What are the SARS-CoV-2 variants ?

What are the SARS-CoV-2 variants ?

Information and image taken from WHO website on 30 Jun 2021 

All viruses, including SARS-CoV-2, the virus that causes COVID-19, change over time. Most changes have little to no impact on the virus’ properties. However, some changes may affect the virus’s properties, such as how easily it spreads, the associated disease severity, or the performance of vaccines, therapeutic medicines, diagnostic tools, or other public health and social measures. Variants that changed with the above factors are considered “Variants of Concern (VOC)”.

SARS-CoV-2 Variants of Concern (VOC), updated 15 June 2021 in WHO website

WHO label 

Pango  
lineage 

GISAID clade/lineage

Nextstrain  
clade 

Earliest documented  
samples 

Date of designation 

Alpha 

B.1.1.7 

GRY (formerly GR/501Y.V1) 

20I (V1) 

United Kingdom,  
Sep-2020 

18-Dec-2020

Beta 

B.1.351 

GH/501Y.V2 

20H (V2)

South Africa,  
May-2020 

18-Dec-2020

Gamma 

P.1 

GR/501Y.V3 

20J (V3)

Brazil,  
Nov-2020 

11-Jan-2021

Delta 

B.1.617.2  

G/478K.V1 

21A

India,  
Oct-2020 

VOI: 4-Apr-2021 
VOC: 11-May-2021 

Source: https://www.who.int/en/activities/tracking-SARS-CoV-2-variants/

 

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What about the Delta variant?
What about the Delta variant?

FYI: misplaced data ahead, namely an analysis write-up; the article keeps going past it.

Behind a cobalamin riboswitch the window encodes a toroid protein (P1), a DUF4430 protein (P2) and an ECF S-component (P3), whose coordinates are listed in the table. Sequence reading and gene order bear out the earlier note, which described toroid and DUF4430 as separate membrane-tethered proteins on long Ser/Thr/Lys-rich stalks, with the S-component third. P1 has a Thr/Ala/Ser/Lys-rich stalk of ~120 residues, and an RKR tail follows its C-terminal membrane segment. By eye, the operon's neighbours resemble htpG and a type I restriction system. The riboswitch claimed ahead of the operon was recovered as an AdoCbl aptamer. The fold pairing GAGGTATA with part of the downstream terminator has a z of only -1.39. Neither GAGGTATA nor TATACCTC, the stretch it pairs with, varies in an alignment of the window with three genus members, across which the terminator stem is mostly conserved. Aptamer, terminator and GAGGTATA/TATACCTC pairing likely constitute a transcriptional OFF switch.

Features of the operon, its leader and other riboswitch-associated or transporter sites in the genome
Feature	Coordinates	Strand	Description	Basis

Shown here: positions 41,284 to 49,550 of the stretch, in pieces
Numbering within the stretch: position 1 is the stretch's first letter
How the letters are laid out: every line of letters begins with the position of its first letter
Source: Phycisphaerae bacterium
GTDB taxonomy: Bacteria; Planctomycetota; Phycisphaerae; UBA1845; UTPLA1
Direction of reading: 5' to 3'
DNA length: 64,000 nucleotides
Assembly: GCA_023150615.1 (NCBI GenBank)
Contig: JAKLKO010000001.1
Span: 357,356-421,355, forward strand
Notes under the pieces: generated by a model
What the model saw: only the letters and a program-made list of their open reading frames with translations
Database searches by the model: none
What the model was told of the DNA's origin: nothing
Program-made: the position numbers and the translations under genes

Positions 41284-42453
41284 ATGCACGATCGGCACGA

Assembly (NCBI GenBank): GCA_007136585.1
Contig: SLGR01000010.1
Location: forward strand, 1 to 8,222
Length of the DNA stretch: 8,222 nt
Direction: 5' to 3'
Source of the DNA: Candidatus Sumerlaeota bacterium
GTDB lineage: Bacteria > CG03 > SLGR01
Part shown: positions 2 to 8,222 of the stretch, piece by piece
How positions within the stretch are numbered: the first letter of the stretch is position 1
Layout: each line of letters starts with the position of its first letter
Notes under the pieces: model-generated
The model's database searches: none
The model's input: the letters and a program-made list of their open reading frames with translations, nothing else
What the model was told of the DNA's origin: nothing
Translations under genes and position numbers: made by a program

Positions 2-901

Delta variant (B.1.617.2 lineage)

Origin

This lineage was first identified in India in December 2020 and has become one of the prevalent variants there and in several other countries.

Transmissibility

Data from the United Kingdom suggest that Delta variant is more transmissible than Alpha variant; the proportion of SARS-CoV-2 infections caused by Delta variant rose as that caused by Alpha variant declined.  Additionally, a study in Japan said Delta variant was associated with 1.23 times higher transmissibility than Alpha variant.

Risk of hospitalization

The same report also suggests that Delta variant is associated with a higher risk of hospitalization than Alpha variant. Some reports said the Delta variant was associated with significant higher viral load.

Vaccination against Delta

Studies suggest that vaccine effectiveness of full courses two doses of Pfizer-BioNTech COVID-19 vaccine (BNT162b2 - Comirnaty) or AstraZeneca vaccine(ChAdOx-1/ADZ1222 - Vaxzevria) against symptomatic disease was high for Delta variant (88% for Pfizer-BioNTech and 67% for AstraZeneca) but slightly less than for Alpha variant; effectiveness against Delta variant after a single dose of each vaccine was low.

Delta, on 29 Jun 2021 reported in 96 countries globally, continues to be reported in new countries across all WHO Regions. Virus evolution continues to be expected, and the more SARS-CoV-2 circulates, the more opportunities it has to evolve. Reducing transmission through established and proven disease control methods such as vaccination are crucial to reduce the occurrence of mutations that have negative public health implications.

Covid-19 Vaccination

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